BTW, Coyote, the question of whether it is proper to turn a declarative sentence into a question by adding a question mark (like that) was discussed here. I think it's perfectly fine. Then again, conversely, I was thinking tonight that sometimes "Who knows" is best expressed as a declarative sentence without a question mark, when it is said dejectedly to mean "No one knows."

I always assumed the unusual spacing was a holdover from German combined with no-longer-agile fingers ?i 've...

Heh, alylex!

Blue Stone :  I think I know what you mean ;-)

Thanks, all, for an interesting discussion...
posted by Shane at 6:34 PM on March 27, 2004


Blue Stone, is Eats, Shoots & Leaves out already? I thought it wasn't due until April. If it's on the shelf, I'm all over it. What in the world is a pre-colon? Guess I'll find out when I get the book, eh?

Thanks for a good question, Shane.
posted by Alylex at 9:57 PM on March 27, 2004


if we're just willy-nilly saying how we would like the question mark to be used with no regard to standard usage i like spanish's way of putting it around the whole sentence, like a modifier. it makes a lot more sense to me conceptually.

¿don't you think?
posted by rhyax at 11:24 PM on March 27, 2004


I've never prefaced a question mark with a space (except after code or URLs)... though I always preface a colon with one — as I find it's hard to see it otherwise.

The thing that drives me batty, though, is dropping final punctuation _within_ a quotation. I mean, aren't you ending the sentence in _addition_ to the quotation?

Oy vey.
posted by silusGROK at 11:59 PM on March 27, 2004


I've used way more tri-graphs than I've used question marks

what on earth are you coding??! (oops, i guess that should be \?\?! ;o)
posted by andrew cooke at 5:57 AM on March 28, 2004


I've never seen this done until this thread, except in situations similar to what duckstab described.
posted by pmurray63 at 8:50 AM on March 28, 2004


The French have some unusual typographical habits. They do not use full-spaces in doing so, though.

I think this habit of placing spaces before punctuation is abysmally stupid. If it really is being done, it is being done out of ignorance, I'm sure.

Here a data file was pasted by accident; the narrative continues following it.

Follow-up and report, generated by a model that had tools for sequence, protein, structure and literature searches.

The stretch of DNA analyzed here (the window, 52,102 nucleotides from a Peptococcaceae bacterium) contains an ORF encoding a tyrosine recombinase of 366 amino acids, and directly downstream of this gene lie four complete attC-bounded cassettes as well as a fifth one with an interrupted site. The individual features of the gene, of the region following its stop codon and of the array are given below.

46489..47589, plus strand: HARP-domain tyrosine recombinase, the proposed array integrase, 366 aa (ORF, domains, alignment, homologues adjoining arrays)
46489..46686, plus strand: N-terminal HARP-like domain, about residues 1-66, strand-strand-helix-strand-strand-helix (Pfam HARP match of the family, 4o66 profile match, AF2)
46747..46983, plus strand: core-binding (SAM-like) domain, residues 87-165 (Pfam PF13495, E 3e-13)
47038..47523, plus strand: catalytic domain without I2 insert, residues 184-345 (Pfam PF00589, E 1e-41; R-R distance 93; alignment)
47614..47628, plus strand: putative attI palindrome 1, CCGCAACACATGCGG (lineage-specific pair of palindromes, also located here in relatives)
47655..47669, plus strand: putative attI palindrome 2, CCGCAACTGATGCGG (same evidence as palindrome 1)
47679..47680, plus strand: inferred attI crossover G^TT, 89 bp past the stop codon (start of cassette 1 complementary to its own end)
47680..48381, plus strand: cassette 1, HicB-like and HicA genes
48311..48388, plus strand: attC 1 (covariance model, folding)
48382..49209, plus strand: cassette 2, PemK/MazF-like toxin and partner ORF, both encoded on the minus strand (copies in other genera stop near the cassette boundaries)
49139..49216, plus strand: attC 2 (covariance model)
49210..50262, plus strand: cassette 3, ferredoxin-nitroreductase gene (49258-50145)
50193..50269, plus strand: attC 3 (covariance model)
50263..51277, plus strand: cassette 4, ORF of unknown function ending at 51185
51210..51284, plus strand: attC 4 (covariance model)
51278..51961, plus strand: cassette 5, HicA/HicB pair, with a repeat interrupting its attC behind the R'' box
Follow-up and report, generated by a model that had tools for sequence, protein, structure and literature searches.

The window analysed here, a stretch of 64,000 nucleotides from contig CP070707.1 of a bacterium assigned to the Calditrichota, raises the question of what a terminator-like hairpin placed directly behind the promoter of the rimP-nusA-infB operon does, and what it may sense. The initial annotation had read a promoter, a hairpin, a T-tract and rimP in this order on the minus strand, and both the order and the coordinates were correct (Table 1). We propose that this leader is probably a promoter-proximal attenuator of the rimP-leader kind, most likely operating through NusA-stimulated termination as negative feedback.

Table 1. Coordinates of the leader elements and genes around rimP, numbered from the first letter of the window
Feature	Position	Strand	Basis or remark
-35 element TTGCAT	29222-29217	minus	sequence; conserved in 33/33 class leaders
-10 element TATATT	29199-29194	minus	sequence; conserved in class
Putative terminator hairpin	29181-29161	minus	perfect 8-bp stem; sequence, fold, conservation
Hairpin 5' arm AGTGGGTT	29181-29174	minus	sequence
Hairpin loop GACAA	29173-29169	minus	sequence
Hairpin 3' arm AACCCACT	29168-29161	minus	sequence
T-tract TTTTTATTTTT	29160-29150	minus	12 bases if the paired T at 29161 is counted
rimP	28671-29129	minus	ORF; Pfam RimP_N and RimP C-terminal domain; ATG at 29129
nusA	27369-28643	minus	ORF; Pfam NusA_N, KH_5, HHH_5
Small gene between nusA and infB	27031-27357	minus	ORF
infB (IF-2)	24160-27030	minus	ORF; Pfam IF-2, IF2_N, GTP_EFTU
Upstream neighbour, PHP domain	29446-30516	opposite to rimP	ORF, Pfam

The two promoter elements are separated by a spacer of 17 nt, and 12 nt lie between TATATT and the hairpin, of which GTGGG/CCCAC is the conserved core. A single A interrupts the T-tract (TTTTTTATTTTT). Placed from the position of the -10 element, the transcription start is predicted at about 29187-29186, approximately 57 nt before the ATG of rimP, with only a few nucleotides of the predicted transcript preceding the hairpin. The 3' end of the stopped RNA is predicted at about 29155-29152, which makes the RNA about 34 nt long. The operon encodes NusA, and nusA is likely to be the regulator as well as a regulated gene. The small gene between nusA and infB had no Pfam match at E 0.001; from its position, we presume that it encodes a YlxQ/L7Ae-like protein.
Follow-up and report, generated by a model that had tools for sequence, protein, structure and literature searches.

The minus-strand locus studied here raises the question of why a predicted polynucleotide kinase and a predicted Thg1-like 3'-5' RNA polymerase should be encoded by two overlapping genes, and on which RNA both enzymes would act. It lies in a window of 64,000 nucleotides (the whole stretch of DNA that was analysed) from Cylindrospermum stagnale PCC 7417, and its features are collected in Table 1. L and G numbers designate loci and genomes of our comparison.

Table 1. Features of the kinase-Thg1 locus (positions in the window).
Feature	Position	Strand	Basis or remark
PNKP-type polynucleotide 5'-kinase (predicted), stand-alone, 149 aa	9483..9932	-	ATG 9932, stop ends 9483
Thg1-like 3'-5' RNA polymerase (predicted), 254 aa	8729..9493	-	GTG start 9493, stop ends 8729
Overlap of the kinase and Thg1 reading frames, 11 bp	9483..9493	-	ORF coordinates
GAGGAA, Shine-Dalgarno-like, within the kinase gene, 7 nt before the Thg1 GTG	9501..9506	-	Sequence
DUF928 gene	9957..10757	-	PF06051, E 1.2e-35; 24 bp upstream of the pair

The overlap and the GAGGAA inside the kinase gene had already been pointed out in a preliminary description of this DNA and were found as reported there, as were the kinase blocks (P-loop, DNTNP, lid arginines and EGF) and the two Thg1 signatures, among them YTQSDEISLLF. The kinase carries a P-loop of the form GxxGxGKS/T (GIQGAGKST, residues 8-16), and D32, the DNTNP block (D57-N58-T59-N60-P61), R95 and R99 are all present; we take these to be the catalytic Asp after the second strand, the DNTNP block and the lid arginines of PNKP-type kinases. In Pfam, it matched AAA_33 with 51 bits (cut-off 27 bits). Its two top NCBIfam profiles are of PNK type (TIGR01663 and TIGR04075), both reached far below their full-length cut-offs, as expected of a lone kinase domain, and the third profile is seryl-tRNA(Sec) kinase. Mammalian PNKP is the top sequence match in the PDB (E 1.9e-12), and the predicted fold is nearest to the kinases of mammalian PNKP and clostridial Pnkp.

posted by five fresh fish at 10:10 AM on March 28, 2004


Alylex, "Eats, Shoots & Leaves" has been top of the UK hardback charts for months and months. Probably a delayed launch for the US.
posted by Blue Stone at 11:35 AM on March 28, 2004


talking about quotations i like this:

are you sure jane said "we're going to the store"?

better than this:

are you sure jane said "we're going to the store?"

and apparently both are now correct and acceptable? correct me if i'm wrong.
posted by rhyax at 12:55 PM on March 28, 2004


Blue Stone, I think, means as in "Jane went to the store and got :  eggs, milk and pears. They liked it ;  they ate it all up.
posted by abcde at 6:01 PM on March 28, 2004


Actually rhyax, spanish doesn't put it around the whole sentence. Just around the question part (well, that's assuming I remember high school spanish. Of course, the high school was in Mexico so I assume it was better than learning from Peggy Hill). I think this is wonderful.
e.g. Although it's a horrendous movie, ¿don't you want to see it with me?
posted by Octaviuz at 11:05 PM on March 28, 2004


are you sure jane said "we're going to the store"?

better than this:

are you sure jane said "we're going to the store?"

and apparently both are now correct and acceptable? correct me if i'm wrong.


If Jane is making a statement, then it's simple:

...are you sure jane said "we're going to the store"?

If Jane is asking a question ("we're going to the store?"), then the fun starts, and I might rewrite the sentence.
posted by Shane at 6:06 AM on March 29, 2004


Blue Stone: Yes, "Eats, Shoots & Leaves" will not be released stateside until April. I saw several reviews last autumn and was puzzled when my bookstore kept telling me it wasn't available yet. Harrumph. If the publishers have "Americanized" it, there will be much more harrumphing, and amazon.uk will profit.
posted by Alylex at 7:07 AM on March 29, 2004


er...aye , watch your punctuation , or everyone will think you're a bit kooky , let me be a warning to you all !
posted by sgt.serenity at 8:22 AM on March 29, 2004